You have a very small pilot area in that example, I think that would greatly contribute to it's effectiveness. When the QEV finally gets here, I'll test it out and let you know how effective they are with schraders.

I have tried to steer clear of ball valves, they are quite effective, but in this case I want aesthetics. If the schrader reduces performance noticeably over a blowgun valve, I might switch to one, but I'm really trying to keep it looking as good as I can. :p

jackssmirkingrevenge wrote:It would have worked well in a bolt operated or straight pull action, but I wanted a cartridge that would generate enough pressure in the breech to not only fire the projectile but also eject itself and push a blowback bolt far enough to enable a following cartridge to be loaded, in this context it was disappointing, especially when you consider that there would already be a forward force on the cartridge from the firing pin.


That's a shame, it was a brilliant idea. I imagine they'd still function quite nicely in a bolt action, but semi-auto (or even a full auto) would have been the bees knees.
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Unread postAuthor: jackssmirkingrevenge » Wed Oct 20, 2010 8:45 am

r00kie wrote:You have a very small pilot area in that example, I think that would greatly contribute to it's effectiveness. When the QEV finally gets here, I'll test it out and let you know how effective they are with schraders.


Technically the cup seal on a QEV should act as a one way valve ensuring it should actuate, but I can't tell you how much it will affect performance. What i can tell you is that on my schrader actuated pistons, pressing the schrader stem sharply gives noticeably better performance.

I have tried to steer clear of ball valves, they are quite effective, but in this case I want aesthetics. If the schrader reduces performance noticeably over a blowgun valve, I might switch to one, but I'm really trying to keep it looking as good as I can. :p


They don't have to be ugly, have a look at what Brian did here;)

That's a shame, it was a brilliant idea. I imagine they'd still function quite nicely in a bolt action, but semi-auto (or even a full auto) would have been the bees knees.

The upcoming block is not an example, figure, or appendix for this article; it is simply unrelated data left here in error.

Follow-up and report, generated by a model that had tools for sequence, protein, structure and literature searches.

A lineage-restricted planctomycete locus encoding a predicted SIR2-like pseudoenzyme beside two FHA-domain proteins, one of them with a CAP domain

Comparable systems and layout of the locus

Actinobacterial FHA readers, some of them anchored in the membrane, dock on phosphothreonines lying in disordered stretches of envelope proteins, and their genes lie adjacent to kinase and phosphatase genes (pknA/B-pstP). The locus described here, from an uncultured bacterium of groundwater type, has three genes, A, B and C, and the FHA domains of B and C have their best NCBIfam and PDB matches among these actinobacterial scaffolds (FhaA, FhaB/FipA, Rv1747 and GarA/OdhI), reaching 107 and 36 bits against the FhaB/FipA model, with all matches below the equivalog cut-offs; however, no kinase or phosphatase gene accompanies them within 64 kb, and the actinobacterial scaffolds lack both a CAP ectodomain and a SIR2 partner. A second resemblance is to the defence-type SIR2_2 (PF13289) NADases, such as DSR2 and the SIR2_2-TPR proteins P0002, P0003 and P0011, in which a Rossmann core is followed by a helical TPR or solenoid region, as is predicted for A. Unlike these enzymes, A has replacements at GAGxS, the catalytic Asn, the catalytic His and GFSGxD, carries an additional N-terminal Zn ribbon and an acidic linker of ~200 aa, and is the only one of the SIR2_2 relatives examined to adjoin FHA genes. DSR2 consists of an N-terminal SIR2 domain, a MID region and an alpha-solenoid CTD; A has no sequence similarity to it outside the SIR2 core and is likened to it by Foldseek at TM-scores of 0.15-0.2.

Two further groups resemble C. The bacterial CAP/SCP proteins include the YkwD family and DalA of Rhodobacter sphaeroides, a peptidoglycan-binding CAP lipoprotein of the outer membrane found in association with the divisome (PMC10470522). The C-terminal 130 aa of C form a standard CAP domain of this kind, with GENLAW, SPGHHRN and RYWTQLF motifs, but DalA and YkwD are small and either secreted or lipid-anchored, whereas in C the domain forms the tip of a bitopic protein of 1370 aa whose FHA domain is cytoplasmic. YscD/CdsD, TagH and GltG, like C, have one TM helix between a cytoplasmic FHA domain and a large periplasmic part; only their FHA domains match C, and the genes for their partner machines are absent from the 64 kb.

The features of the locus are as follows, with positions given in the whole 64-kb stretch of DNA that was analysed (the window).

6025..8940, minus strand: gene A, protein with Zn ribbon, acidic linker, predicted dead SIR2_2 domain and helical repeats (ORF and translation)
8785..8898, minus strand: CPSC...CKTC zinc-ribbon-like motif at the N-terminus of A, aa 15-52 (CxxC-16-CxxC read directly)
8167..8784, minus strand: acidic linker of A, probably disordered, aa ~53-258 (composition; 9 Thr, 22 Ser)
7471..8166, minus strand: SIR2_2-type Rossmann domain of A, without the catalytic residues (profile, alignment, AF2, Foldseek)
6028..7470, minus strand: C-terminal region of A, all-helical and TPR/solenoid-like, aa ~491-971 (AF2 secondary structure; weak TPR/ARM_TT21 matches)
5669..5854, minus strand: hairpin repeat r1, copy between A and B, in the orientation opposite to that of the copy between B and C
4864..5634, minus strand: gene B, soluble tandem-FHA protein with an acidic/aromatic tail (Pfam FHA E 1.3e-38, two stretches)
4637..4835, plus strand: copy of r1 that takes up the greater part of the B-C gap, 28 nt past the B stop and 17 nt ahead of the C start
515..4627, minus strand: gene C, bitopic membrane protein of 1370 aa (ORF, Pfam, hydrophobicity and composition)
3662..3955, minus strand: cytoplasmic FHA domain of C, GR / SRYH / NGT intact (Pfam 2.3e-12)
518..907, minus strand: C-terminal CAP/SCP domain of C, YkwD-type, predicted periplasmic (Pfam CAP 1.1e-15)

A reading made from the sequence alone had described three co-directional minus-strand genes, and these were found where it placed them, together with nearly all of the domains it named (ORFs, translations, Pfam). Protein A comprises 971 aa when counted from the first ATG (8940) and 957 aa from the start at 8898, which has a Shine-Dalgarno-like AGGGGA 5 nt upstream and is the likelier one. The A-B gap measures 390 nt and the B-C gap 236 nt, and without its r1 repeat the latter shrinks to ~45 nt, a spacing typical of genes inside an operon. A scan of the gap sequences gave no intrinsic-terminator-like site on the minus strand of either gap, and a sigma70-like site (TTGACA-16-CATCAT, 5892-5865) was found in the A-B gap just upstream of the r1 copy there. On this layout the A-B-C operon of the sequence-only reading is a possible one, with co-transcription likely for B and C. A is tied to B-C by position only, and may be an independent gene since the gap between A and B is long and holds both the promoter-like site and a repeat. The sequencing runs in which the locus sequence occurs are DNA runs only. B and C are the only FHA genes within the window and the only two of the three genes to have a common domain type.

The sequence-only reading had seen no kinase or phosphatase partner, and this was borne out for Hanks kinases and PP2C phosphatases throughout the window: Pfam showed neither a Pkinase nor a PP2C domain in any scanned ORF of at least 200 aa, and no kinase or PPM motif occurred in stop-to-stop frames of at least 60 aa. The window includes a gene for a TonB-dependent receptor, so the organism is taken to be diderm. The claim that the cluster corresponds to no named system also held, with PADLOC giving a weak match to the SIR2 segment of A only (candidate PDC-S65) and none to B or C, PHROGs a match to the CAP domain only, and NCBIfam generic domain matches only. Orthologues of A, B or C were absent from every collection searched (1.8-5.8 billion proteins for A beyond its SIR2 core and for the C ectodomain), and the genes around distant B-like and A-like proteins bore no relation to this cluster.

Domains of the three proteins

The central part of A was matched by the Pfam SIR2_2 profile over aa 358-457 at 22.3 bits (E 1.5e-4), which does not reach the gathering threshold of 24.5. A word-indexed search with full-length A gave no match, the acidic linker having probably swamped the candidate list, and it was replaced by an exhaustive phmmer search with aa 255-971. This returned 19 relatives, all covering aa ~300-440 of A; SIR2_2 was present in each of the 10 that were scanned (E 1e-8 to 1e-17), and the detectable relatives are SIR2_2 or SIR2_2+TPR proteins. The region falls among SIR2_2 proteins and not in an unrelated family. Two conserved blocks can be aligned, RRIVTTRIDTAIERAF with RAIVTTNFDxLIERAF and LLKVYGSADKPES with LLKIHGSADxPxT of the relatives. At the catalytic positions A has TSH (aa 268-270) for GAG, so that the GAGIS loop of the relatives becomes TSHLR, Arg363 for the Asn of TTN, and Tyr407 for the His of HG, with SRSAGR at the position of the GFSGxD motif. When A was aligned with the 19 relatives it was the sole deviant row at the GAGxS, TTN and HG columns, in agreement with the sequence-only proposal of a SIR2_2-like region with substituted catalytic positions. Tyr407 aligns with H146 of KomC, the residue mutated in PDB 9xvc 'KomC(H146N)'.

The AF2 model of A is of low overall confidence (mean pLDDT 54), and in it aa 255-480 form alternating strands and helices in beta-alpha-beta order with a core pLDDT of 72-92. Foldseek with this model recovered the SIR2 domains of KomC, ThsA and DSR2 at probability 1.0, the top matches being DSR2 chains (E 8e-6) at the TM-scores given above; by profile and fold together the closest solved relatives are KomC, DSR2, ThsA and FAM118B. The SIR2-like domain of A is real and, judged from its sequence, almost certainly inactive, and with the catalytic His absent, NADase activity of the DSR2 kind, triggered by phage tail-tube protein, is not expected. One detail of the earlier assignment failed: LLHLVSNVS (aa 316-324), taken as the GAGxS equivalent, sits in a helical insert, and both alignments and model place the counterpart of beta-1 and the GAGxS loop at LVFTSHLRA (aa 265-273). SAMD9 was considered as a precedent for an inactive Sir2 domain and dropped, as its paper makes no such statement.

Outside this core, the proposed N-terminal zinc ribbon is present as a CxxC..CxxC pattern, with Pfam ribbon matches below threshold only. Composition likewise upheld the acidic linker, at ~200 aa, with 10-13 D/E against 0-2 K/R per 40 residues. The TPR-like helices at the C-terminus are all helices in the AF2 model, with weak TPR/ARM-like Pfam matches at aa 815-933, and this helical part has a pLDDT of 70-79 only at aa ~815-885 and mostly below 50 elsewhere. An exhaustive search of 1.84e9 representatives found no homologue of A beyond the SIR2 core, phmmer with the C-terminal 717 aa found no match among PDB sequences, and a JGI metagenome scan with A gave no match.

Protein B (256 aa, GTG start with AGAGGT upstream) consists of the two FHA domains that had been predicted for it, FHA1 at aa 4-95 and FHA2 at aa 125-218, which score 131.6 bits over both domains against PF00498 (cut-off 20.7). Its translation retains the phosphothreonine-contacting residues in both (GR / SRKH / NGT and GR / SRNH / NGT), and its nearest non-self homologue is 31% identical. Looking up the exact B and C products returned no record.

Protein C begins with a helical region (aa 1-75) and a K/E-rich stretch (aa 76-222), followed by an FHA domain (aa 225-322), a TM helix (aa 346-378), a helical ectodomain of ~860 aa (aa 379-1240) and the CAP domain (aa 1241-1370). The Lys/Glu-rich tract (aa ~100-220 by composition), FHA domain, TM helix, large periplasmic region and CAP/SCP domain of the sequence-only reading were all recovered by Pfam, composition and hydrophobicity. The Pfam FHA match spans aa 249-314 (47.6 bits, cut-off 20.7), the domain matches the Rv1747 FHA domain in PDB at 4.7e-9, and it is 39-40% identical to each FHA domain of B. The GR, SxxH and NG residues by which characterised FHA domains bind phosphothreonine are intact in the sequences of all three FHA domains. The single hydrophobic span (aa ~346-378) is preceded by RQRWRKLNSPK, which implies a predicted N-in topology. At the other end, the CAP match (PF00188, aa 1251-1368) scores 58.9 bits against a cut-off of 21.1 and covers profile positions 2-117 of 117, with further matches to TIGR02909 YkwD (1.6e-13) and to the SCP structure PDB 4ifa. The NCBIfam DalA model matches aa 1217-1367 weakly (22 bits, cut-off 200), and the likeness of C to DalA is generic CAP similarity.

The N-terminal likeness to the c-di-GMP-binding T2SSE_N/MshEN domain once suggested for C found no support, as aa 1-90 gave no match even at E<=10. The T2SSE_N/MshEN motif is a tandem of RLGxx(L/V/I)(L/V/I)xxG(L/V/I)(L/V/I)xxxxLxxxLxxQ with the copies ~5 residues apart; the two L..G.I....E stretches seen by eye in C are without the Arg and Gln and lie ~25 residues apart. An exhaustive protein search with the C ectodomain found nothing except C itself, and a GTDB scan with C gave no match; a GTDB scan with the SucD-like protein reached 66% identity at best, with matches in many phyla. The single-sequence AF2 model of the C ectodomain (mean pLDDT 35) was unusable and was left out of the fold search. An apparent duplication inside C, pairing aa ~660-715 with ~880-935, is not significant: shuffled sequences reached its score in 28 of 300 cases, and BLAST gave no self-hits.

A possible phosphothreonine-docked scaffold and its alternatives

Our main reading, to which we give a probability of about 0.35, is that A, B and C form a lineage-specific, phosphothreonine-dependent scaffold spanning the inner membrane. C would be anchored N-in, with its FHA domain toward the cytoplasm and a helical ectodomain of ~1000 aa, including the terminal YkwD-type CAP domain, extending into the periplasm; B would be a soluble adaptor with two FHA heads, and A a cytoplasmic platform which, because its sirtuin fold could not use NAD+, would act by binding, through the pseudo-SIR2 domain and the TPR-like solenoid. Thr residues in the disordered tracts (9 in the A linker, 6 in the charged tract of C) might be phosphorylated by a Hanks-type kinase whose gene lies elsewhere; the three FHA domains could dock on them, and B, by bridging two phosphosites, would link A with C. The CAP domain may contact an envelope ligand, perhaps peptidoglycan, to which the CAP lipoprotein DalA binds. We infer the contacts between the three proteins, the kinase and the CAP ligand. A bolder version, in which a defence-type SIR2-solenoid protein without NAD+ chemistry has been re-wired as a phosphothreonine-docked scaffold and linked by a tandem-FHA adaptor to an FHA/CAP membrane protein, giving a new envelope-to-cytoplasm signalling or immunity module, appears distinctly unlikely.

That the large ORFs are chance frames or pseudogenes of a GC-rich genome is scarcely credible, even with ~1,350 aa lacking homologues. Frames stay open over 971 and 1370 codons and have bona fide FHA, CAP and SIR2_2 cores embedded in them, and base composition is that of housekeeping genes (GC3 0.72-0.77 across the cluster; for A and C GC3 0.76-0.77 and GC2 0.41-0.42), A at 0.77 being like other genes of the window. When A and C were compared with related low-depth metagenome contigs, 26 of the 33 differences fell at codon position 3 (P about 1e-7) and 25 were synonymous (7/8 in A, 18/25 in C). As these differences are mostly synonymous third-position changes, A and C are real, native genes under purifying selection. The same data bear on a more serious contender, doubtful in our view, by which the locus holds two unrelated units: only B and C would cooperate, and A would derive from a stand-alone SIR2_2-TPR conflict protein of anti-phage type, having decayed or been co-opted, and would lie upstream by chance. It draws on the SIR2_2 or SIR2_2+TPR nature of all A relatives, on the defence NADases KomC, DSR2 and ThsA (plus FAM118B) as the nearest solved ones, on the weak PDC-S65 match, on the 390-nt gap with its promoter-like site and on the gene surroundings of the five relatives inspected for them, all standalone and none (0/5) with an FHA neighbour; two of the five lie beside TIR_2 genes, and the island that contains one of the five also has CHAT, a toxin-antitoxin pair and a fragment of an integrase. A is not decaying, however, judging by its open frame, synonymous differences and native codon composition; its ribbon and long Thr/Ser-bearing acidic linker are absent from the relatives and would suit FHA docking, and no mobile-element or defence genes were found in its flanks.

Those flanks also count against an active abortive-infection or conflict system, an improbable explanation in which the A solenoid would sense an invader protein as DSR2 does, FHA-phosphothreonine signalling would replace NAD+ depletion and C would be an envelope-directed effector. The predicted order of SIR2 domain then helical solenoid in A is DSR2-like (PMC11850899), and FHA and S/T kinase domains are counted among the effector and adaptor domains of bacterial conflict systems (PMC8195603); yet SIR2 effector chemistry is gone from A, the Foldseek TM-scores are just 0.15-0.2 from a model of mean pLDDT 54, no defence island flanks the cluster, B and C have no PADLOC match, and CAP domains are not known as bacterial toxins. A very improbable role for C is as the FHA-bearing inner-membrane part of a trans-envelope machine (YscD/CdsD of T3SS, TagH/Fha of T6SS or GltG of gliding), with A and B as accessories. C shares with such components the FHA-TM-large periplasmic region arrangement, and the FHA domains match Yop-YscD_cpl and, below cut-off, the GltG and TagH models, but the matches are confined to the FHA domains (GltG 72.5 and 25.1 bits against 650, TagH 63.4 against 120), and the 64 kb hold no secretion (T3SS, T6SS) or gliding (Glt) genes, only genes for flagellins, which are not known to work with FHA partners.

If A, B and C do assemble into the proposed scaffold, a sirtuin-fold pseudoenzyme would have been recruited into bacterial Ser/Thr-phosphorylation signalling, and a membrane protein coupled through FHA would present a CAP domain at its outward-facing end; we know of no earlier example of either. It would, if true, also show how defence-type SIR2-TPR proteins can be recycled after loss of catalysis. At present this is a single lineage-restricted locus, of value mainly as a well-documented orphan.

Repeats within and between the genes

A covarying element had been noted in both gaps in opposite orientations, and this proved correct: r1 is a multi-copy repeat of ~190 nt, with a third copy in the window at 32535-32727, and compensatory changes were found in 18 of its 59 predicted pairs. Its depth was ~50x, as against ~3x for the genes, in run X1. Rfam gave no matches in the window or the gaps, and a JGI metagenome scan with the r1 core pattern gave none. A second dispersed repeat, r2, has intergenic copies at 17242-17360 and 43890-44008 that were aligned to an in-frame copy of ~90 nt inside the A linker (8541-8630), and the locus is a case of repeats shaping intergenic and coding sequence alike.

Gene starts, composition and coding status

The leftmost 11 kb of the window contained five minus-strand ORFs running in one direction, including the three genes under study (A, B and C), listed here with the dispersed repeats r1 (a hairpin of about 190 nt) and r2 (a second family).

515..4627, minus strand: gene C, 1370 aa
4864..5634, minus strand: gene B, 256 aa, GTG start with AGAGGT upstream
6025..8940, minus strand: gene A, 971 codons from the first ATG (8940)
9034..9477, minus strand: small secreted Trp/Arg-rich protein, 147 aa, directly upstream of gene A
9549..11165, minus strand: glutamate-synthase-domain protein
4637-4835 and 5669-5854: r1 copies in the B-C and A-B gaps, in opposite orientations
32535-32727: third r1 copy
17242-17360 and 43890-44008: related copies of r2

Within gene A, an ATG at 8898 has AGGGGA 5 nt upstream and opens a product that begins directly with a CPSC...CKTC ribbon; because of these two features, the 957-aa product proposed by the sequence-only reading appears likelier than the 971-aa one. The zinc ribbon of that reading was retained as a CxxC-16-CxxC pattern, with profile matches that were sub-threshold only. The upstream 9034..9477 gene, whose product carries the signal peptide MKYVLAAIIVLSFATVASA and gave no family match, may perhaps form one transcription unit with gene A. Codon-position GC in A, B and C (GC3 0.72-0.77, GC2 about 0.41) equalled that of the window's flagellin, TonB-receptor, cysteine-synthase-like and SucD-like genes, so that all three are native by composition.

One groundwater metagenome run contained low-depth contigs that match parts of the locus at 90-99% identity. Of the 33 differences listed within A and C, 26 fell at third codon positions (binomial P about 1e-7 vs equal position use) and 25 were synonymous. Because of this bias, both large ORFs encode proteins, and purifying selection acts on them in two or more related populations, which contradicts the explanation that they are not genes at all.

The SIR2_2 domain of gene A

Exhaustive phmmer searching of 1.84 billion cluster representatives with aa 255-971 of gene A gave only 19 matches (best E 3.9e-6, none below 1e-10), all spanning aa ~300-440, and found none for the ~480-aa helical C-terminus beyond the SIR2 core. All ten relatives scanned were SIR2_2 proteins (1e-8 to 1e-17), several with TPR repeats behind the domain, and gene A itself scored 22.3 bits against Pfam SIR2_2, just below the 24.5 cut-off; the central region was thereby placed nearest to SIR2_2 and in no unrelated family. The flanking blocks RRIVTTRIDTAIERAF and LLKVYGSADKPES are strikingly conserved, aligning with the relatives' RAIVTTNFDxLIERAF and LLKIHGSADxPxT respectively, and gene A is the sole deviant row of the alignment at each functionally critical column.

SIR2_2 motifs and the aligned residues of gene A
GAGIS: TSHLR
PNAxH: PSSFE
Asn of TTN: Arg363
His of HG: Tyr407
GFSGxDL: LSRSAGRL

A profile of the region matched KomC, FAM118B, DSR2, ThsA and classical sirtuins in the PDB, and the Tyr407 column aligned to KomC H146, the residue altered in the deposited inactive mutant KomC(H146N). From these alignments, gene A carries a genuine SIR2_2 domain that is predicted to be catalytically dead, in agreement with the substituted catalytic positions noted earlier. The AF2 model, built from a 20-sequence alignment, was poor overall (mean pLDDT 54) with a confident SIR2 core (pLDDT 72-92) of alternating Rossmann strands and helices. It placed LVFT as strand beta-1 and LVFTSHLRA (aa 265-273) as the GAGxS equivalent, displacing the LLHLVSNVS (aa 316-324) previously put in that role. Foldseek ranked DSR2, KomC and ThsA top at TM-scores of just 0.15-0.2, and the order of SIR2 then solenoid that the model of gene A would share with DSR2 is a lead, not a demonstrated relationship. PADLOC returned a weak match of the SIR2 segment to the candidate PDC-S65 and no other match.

The Brocock Range uses preloaded cartridges in revolvers, straight pull and bolt actions, admittedly a double action revolver will give you one shot per trigger pull, but there isn't that element of flying brass which personally is one of the biggest incentives ;)
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Unread postAuthor: r00kie » Wed Oct 20, 2010 9:30 am

jackssmirkingrevenge wrote:Technically the cup seal on a QEV should act as a one way valve ensuring it should actuate, but I can't tell you how much it will affect performance. What i can tell you is that on my schrader actuated pistons, pressing the schrader stem sharply gives noticeably better performance.


I suppose I could make some kind of hammer that depresses the schrader when the trigger is pulled, but that seems to make it unnecessarily complicated as opposed to a blowgun. It would also mean it would have to be cocked after each shot.

Using the solenoid out of a sprinkler valve to depress it is another idea that comes to mind, it would require power, but nevertheless it sparks some interest.

jackssmirkingrevenge wrote:They don't have to be ugly, have a look at what Brian did here;)


That's very innovative! Shame he couldn't get it in the competition.

jackssmirkingrevenge wrote: there isn't that element of flying brass which personally is one of the biggest incentives ;)


I know what you mean, I've toyed with the idea of making some cartridges myself just so I could hear the satisfying "ping" of spent rounds hitting the floor.